These people John refer to left the church of their own accord. If they were really part of the church, they never would have left, but the fact remains that they did leave the church which proves they were never really part of the church. This is not a circular argument. Someone that wants nothing to do with Christ, wants nothing to do with His bride, wants nothing to do with prayer, or Bible study, or devotion to God, or with other Christians and experiences no conviction from the Holy Spirit is not part of us and never was. If you are truly a Christian, you will never leave the church. I’m not talking about changing churches, I’m talking about walking away. John is convinced and so am I, that if you have an authentic relationship with Christ, you have a life long relationship with His church. His church in the universal sense, but also in the local sense. Some would argue that it is not necessary to be a part of a local assembly; that you don’t need to be part of a church to be a good Christian. I don’t see that in Scripture. The church exists for the benefit of God’s people. For encouragement, for teaching and instruction. The church’s leaders serve as examples. We have the spiritual gift of apostle – church planter. We have the spiritual gift of pastor – teacher. In fact spiritual gifts are given for the common good of the body of Christ.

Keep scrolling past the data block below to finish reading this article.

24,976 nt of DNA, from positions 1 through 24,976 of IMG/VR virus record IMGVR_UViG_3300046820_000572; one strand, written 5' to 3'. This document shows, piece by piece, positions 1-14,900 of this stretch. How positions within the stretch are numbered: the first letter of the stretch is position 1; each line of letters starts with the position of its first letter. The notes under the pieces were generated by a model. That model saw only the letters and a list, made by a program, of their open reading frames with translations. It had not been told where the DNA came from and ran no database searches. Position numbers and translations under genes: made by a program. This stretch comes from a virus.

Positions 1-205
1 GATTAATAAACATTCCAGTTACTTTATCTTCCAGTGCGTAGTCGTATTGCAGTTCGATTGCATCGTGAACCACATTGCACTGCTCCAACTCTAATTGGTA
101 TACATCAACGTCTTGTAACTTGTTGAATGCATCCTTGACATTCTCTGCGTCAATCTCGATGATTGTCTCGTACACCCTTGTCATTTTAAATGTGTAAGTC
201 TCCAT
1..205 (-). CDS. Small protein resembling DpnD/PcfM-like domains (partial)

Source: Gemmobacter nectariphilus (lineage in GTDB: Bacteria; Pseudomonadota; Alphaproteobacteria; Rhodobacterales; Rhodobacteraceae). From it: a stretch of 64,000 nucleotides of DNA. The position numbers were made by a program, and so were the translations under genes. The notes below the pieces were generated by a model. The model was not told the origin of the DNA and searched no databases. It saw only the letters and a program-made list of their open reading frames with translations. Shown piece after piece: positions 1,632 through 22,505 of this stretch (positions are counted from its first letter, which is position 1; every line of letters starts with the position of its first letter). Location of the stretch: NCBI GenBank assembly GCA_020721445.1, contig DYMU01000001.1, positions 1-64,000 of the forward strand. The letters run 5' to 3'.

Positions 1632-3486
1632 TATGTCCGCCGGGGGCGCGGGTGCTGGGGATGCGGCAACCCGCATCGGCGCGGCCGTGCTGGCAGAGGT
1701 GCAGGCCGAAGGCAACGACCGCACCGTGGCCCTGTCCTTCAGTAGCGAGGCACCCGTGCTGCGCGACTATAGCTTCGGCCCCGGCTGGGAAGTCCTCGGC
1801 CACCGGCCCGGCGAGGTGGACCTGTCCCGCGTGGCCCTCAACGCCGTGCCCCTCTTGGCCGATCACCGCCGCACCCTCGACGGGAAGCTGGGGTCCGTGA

The church also exists to accomplish the mandate to make disciples of all nations and teach people to observe the commandments of God. No one is called to be a lone ranger. It’s not spiritually healthy or beneficial. So why do people walk away? Why do people that were raised in church walk away when they grow up? There are many reasons, but I think the main one is few godly people take the time to really disciple others. We all know them, we see them every day. People that claim to be a Christian, but they have left the church and want nothing to do with the church of Jesus. The reality and the painful truth is that it is likely these people have never had a relationship with Christ.
We’ll look more at this idea next week.